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Conservative MP and former Conservative leader Erin O’Toole is given a standing ovation as he delivers his final speech in the House of Commons on Parliament Hill in Ottawa, on June 12.Sean Kilpatrick/The Canadian Press

If Erin O’Toole was a more vitriolic man, his final speech in the House of Commons might have burned a few bridges. But the departing former Conservative leader chose to speak a lot about political vitriol and kept his rebukes polite.

Even so, you didn’t have to read much into his words to see that he was not just fretting about the state of the Canadian political world he is leaving but admonishing some of the people sitting in the chamber around him – and not just Liberals across the aisle but MPs on his own side, including the leader who succeeded him, Pierre Poilievre.

“Performance politics is fuelling polarization. Virtue signalling is replacing discussion,” Mr. O’Toole said. “And far too often we are just using this chamber to generate clips, not to start national debates.”

And if that was a general warning to all around him, there were others undoubtedly aimed at MPs in the Conservative Party he once led – including for pandering to conspiracy theories about the United Nations or the World Economic Forum rather than calling them out.

“If we do this more, we are allowing others to define the debate for us and risk allowing others to set the course for this country, because too many members on all sides of this chamber – and from time to time I have been guilty of it myself – are becoming followers of our followers when we should be leaders,” he said.

No one could miss the fact that that was addressed at Mr. Poilievre and the MPs in his own Conservative Party who wink at the notion that the WEF – an organization that convenes an annual confab of chief executives and political leaders in Davos, Switzerland – is actually a multitentacled global cabal that secretly controls the government of Canada. Instead of debunking the idea, Mr. Poilievre has promised he wouldn’t let Conservative cabinet ministers go to Davos.

But Mr. O’Toole’s criticism was part of a broad lecture about the dangers of divisive politics, and delivered gently enough that Mr. Poilievre followed with a gracious tribute to his former leader.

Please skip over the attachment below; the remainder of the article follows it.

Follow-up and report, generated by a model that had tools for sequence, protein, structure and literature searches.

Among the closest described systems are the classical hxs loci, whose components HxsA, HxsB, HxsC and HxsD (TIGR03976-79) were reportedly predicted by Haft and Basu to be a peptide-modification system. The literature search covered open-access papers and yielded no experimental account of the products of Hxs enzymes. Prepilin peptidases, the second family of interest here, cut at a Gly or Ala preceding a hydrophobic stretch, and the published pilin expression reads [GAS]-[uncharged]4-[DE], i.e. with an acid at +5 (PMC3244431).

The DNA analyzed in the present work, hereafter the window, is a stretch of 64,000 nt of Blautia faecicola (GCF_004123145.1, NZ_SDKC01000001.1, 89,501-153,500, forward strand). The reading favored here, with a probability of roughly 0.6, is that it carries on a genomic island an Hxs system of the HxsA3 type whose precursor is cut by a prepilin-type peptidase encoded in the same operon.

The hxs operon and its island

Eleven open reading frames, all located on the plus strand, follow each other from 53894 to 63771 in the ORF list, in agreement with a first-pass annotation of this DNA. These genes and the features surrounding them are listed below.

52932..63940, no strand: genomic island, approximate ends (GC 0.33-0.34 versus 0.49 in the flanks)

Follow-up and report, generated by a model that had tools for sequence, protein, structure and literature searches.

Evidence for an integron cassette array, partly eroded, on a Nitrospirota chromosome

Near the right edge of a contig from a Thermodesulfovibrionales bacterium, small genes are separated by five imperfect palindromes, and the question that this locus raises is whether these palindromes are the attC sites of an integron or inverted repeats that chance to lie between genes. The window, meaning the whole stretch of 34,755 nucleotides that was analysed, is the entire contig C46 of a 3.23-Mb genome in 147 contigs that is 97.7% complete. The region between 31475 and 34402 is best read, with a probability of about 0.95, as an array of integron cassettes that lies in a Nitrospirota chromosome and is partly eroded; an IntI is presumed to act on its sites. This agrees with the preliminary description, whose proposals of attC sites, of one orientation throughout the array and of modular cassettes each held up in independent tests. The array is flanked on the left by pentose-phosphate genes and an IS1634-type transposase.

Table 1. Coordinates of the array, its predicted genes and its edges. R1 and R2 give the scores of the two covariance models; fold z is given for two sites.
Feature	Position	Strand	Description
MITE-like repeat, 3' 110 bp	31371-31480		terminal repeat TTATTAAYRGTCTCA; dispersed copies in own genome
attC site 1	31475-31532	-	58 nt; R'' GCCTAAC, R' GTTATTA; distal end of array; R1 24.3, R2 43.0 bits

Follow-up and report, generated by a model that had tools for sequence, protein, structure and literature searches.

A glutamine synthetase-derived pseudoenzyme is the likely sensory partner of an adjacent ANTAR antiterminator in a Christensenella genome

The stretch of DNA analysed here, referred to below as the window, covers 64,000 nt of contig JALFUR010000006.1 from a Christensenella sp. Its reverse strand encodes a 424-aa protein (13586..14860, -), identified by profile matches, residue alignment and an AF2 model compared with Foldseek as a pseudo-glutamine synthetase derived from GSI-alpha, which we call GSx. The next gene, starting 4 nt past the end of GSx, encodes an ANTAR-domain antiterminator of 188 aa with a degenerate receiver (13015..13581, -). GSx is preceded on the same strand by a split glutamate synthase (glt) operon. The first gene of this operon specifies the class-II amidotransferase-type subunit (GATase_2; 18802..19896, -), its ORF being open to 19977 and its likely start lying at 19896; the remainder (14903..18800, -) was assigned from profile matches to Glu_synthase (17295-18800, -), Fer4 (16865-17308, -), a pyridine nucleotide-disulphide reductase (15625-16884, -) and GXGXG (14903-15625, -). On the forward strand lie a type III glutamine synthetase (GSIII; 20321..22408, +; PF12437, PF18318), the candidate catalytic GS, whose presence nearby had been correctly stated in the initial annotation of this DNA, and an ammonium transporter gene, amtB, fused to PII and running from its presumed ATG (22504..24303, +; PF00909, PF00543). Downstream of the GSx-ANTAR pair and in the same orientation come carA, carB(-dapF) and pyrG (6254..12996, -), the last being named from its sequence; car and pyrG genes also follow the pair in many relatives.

Part of Mr. O’Toole’s goodbye address sounded like an old-school warning about modern dangers. Mr. O’Toole, after all, really is traditionalist at heart: He’s a former Royal Military College cadet and military man who has a particular admiration for First World War prime minister Robert Borden – whom he quoted at the start.

But it was also a former leader delivering his digested lessons from bitter personal experience.

Mr. O’Toole led the Conservatives in the 2021 election when the COVID-19 pandemic was the issue. Prime Minister Justin Trudeau ran a wedge-politics campaign against him, accusing him of supporting anti-vaxxers against vaccine mandates, while a clutch of his own MPs opposed such measures. One of his MPs gave the caucus a presentation on ivermectin as an alternative to vaccines. He lost his party’s leadership when he didn’t embrace the truckers convoy protests of 2022.

His 2021 election campaign also took serious damage from attacks on his gun policy, and Mr. O’Toole certainly sees that as divisive politics that eschewed Canada’s traditions by demonizing hunters.

“Whole rural swaths of our country are being held up as the problem, only to secure a few political points in the suburbs,” he said.

Of course, Mr. O’Toole can’t now escape the fact that he was also a player in divisive politics – as he more or less admitted. But his larger point about divisiveness wasn’t just about the vitriolic nature of politics now, but the danger that politicians are helping to tear the national fabric apart.

He said an unnamed Liberal MP had told him they can no longer speak to their brother because of the vaccine debates in the 2021 election. He blamed politicians for being governed by algorithms and chasing likes online, and warned darkly that social media is starting to tear Canadian democracy apart.

“If we are not careful, there will soon be a generation of young voters who have never even heard a point of view different from their own,” Mr. O’Toole said. “I fear the ignorance of the views of others will slowly transform into a dislike of others, and we can see that starting to happen.”

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